Things Havoc disliked: The Iran Hostage crisis is still a contentious issue, to say the least, and the film does try to address in as balanced a manner as it can. Unfortunately, that balanced treatment amounts to "following thirty years of unrelieved evil, the Americans finally got what was coming to them."
Am I exaggerating? Yes, massively. But the problem with trying to condense a massively complicated political situation down into 45 seconds of title crawl is that someone is invariably going to wind up looking like a cartoonish villain, and given who and what made this film, one can guess just who that person is. It's a shame that the film does this, because this is one of the only films I can recall in which the CIA are actually portrayed as good guys doing good things. And yet lest this sound like a blip at the beginning of the movie, the film re-enforces the matter with not one but several scenes in which US diplomatic agents in hiding for their very lives, their friends and colleagues being beaten and tortured just down the road for months on end, discuss with one another how the Iranian revolution and its aftermath are the just deserts of the terrible US foreign policy they previously were responsible for enacting. While it's certainly true that there's precious little for the US to brag about in the history of its relations with Iran from circa 1950 onwards, I would submit that this is not a point likely to present itself as reasonable to people driving through streets filled with the hanged bodies of secularists while armed maniacs pursue them with assault rifles. It reads, at least to me, as a failed attempt to contextualize the events of the movie by trying not to portray the Iranian Revolutionary Guard as "all that bad", despite the visibly bad things they are attempting to do to our heroes. Again, perhaps it's just me reading this into the film, but most film critics have been praising this movie for its "even-handed" approach to the Iran Crisis. I would submit to such people that "even-handed" is not defined as blaming everything on the Americans, but that's generally not a position likely to find backers in some portions of Hollywood.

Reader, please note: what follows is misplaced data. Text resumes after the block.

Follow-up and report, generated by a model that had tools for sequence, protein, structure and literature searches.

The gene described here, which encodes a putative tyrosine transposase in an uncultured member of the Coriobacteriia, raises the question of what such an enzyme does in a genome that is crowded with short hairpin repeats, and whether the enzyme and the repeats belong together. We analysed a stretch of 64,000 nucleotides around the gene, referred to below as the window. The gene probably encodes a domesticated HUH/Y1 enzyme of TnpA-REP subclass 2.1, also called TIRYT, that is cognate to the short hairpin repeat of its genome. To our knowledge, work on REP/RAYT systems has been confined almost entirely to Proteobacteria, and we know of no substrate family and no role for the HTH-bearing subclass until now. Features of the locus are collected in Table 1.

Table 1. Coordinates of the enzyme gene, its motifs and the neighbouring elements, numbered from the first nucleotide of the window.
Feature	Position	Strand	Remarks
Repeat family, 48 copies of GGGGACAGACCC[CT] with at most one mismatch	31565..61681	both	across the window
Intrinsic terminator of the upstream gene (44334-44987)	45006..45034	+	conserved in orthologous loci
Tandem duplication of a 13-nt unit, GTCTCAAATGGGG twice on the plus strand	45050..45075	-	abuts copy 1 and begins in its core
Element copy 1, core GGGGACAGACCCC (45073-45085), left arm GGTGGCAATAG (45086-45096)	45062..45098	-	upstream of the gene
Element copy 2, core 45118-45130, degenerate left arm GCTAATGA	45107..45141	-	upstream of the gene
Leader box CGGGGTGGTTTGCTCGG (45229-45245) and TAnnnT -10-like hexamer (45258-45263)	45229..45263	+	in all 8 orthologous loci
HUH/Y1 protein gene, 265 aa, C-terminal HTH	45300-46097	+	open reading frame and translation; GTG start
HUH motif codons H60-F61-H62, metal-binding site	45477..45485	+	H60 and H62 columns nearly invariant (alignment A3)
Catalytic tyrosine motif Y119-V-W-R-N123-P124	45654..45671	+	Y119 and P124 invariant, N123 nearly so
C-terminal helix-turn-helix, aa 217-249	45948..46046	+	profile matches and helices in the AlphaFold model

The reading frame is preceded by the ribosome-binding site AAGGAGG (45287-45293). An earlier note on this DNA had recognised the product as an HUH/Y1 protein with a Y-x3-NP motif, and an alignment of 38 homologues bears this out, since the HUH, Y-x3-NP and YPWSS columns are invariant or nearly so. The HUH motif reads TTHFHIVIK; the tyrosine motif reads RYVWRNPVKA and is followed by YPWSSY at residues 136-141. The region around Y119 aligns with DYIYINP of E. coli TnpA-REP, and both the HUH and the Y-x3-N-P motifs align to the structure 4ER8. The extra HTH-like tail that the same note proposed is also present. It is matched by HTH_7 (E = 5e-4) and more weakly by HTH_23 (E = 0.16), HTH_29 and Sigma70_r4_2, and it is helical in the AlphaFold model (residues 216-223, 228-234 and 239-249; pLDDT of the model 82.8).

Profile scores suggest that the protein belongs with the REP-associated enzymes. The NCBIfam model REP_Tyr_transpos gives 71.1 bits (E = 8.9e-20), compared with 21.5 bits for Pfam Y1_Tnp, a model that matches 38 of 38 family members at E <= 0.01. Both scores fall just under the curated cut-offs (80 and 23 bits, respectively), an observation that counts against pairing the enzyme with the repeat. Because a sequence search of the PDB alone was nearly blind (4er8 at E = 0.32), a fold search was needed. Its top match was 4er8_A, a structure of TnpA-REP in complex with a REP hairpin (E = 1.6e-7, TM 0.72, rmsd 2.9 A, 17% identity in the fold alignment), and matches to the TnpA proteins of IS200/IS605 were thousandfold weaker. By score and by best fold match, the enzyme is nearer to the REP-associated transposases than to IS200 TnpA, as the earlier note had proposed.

Final thoughts: But while I may be obsessive about these obscure historico-political interpretations, I'm not so far gone to fail to recognize a good film when I see it. Argo is an excellent spy thriller, well-shot and acted, and with the additional virtue of somehow, despite its ludicrousness, being absolutely true. Oscar buzz (though I consider the possibility a long shot) has already begun circling around the movie, a clear signal to me that we are finally entering into Oscar season, the last of the three major "phases" that the film calendar recognizes. Given the worse-than-usual Doldrums and the utterly wasted Blockbuster season that we experienced this year (Avengers and Batman notwithstanding), I am hopeful that Argo represents the beginning of a much better stretch of film for the next few months.
Final Score: 7.5/10